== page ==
Read More | Posted Nov 1, 2017
3/5 100% Donkeyote (2017) The director talks about a "sense of play" in the press notes but are the audience really playing if they don't know the rules ahead of time?‐ Eye for Film
Read More | Posted Oct 28, 2017
3.5/5 100% The Outlaws (2017) This Korean action thriller is cut from the same sort of cloth as that favoured by Johnnie To and, if it's not quite up there with the Hong Kong great's best, it's still got plenty of style.‐ Eye for Film
Read More | Posted Oct 26, 2017
3.5/5 98% Dina (2017) What emerges is a warm profile of two people who love each other, working a damned sight harder than many neurotypical couples to get over the humps in the road.‐ Eye for Film
Read More | Posted Oct 22, 2017
3.5/5 No Score Yet Pororoca (2017) Popescu's film isn't about loud recriminations but the way that lives can disintegrate by degrees.‐ Eye for Film
Read More | Posted Oct 19, 2017
4/5 93% Three Billboards Outside Ebbing, Missouri (2017) McDonagh lets the guilt flow freely and in unexpected places, not so much tearing our sympathies as folding them in on themselves until we realise that simple answers are unlikely in the presence of complex humans. ‐ Eye for Film
Read More | Posted Oct 13, 2017
4/5 100% Unrest (2017) This isn't just a film to inform those who are lucky enough to know very little about ME, it also serves as a love letter of understanding for those who have it and a call to arms for everyone.‐ Eye for Film
Read More | Posted Oct 10, 2017
3/5 No Score Yet Ravens (Korparna) (2017) Assur is adept at creating striking images - such as the shadows of the ravens of the title on a barn wall or the threat of violence posed by a piece of machinery.‐ Eye for Film
Read More | Posted Oct 9, 2017
4.5/5 98% Columbus (2017) Kogonada may be a skilled craftsman, but he never forgets his direction is serving the story and the characters, rather than the other way around.‐ Eye for Film
Read More | Posted Oct 8, 2017
3/5 71% Handia (2017) The story, built on the shifting relationship between the two brothers, holds considerable interest, even though the plot starts to ramble.‐ Eye for Film
Read More | Posted Oct 5, 2017
3.5/5 56% The Motive (El autor) (2017) Cuenta's command of visuals continues to impress ... But he never quite settles in term of tone and his approach to the Álvaro is too clinical.‐ Eye for Film
Read More | Posted Oct 5, 2017
2/5 33% Marrowbone (2018) Sergio G Sánchez has lofty ambitions, involving guilt, coming of age and a whisper of the supernatural - but without the emergency brake he is usually offered by whichever director he is working with to rein him in.‐ Eye for Film
Read More | Posted Oct 5, 2017
4.5/5 82% C'est la vie (Le sens de la fête) (2017) Set over the course of one event, Nakache and Toledano prove adept at planning and crowd management, plunging us into the workings of the backstage staff and some of the wedding party without losing us in the melee. ‐ Eye for Film
Read More | Posted Oct 5, 2017
3.5 91% The Disaster Artist (2017) Rather than simply turn Tommy into a laughing stock, Franco teases out the tragicomedy of the man.‐ Eye for Film
Read More | Posted Oct 5, 2017
4/5 100% The Wife (2016) Björn Runge is in no hurry to reveal his characters' faults or their history, letting his camera linger on Close and Pryce, so we can see the thoughts that swim on after the words die away.‐ Eye for Film
Read More | Posted Sep 30, 2017
2/5 67% M.F.A. (2017) While the feminist intention is clear, the idea that either being raped, becoming a serial killer or a combination of both improves her art - and leads to her wanting to paint naked - is egregious.‐ Eye for Film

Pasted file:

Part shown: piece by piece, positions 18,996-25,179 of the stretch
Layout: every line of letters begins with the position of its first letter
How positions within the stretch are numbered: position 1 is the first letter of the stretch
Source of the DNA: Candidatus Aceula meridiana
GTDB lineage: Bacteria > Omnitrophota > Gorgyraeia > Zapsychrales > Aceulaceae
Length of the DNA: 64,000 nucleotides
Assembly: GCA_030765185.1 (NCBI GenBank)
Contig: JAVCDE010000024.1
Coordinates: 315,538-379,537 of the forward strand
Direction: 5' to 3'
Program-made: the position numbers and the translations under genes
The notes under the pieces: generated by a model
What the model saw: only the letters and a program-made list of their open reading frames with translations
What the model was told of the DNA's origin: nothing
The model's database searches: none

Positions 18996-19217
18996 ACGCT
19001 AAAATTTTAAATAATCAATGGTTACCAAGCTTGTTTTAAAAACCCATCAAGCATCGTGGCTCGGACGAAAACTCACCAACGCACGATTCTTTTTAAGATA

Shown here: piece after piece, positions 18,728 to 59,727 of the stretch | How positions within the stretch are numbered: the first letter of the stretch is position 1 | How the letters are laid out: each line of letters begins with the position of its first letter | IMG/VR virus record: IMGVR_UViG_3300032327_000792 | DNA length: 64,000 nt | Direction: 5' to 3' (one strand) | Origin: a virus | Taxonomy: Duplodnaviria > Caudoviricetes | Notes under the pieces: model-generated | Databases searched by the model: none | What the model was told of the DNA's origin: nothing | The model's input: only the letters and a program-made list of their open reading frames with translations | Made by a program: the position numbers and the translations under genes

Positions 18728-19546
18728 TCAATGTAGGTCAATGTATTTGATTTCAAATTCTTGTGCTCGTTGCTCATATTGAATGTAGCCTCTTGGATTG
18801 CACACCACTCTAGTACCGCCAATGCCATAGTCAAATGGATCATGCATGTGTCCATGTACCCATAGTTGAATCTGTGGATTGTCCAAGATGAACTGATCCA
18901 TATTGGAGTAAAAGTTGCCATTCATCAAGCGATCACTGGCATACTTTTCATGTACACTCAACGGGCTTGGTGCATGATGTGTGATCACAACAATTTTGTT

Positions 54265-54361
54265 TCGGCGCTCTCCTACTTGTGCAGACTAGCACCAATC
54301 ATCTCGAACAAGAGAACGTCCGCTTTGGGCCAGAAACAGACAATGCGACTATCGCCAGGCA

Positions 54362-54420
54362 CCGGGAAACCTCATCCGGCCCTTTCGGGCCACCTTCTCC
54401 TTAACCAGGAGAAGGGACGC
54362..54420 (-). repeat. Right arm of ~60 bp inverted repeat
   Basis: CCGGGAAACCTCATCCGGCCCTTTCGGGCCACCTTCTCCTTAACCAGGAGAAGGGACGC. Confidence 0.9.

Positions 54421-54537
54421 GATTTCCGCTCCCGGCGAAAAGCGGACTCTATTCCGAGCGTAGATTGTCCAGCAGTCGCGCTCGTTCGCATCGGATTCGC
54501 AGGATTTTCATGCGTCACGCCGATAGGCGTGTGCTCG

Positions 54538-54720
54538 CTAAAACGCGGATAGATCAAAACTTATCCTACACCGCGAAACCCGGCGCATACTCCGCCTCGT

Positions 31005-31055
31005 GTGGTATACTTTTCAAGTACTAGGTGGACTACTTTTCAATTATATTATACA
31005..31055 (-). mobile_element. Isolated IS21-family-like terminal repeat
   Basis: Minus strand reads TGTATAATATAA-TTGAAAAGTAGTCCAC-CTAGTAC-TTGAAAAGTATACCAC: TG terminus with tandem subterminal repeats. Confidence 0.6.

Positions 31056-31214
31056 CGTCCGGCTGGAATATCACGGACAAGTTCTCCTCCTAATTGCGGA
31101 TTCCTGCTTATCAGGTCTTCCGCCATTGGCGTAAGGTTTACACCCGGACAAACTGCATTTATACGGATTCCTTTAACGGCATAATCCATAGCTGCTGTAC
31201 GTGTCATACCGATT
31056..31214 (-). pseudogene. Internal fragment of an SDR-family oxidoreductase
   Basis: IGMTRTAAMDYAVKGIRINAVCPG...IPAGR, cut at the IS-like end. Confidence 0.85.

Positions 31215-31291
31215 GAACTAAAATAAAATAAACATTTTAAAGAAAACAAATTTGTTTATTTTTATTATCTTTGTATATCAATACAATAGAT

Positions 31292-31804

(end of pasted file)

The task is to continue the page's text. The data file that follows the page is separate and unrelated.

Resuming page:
Read More | Posted Sep 19, 2017
3/5 84% Loving Vincent (2017) The splendour of the artwork is not matched by the tale being told, which is of the paint-by-numbers variety.‐ Eye for Film
Read More | Posted Sep 18, 2017
4/5 81% Brigsby Bear (2017) Saturday Night Live regular Mooney, who has a twinkly mischievousness and comic timing reminiscent of a young Gene Wilder, plays James as naive, but never stupid.‐ Eye for Film
Read More | Posted Sep 15, 2017
1.5 39% Brimstone (2017) [Koolhoven] presumably, intends to create a debate about women being rendered mute by men and religion, but sets about it in the most crass and on-the-nose way - via scold's bridles and tongue removal - never exploring the theme beyond the physical.‐ Eye for Film
Read More | Posted Sep 15, 2017
2.5/5 87% Custody (Jusqu'à la garde) (2017) Though a short film, even one of half-an-hour as Legrand's was, can be carried almost solely on this sort of tension, a feature needs something more. ‐ Eye for Film
Read More | Posted Sep 9, 2017
3/5 No Score Yet Under the Tree (Undir trénu) (2018) The tone is deliberately odd ... blending the naturalism of the day-to-day emotions of relationships and grief, with the altogether more heightened tensions of a revenge thriller, while still keeping a cheeky eye on the absurdity of a mooning garden gnome‐ Eye for Film
Read More | Posted Sep 2, 2017
4.5/5 100% The Farthest (2017) The documentary's greatest strength lies in the way Reynolds allows the scientific to mix with the philosophical and the deeply emotional. ‐ Eye for Film
Read More | Posted Aug 30, 2017
3.5/5 No Score Yet Edouard and Caroline (1950) The plot is as floaty as Caroline's evening gown but the joy is in the minutiae.‐ Eye for Film
Read More | Posted Aug 25, 2017
4/5 No Score Yet Laut bercermin (The Mirror Never Lies) (2011) A portrait of a community rarely explored on film with a strong narrative backbone, it marks Andini out as a talent to look out for.‐ Eye for Film
Read More | Posted Aug 19, 2017
4/5 100% Hotel Salvation (2017) Bhutiani gently probes at the relationships, letting his character-driven story develop at its own pace, without forcing either the emotion or humour.‐ Eye for Film
Read More | Posted Aug 19, 2017
4/5 No Score Yet Nebel im August (2016) Like the fog in August of its title, the horrors of Wessel's film don't come in a rush, but insinuate themselves gradually in what, initially, appears to be a comparatively benign setting before leaving you chilled to the bone.‐ Eye for Film
Read More | Posted Aug 19, 2017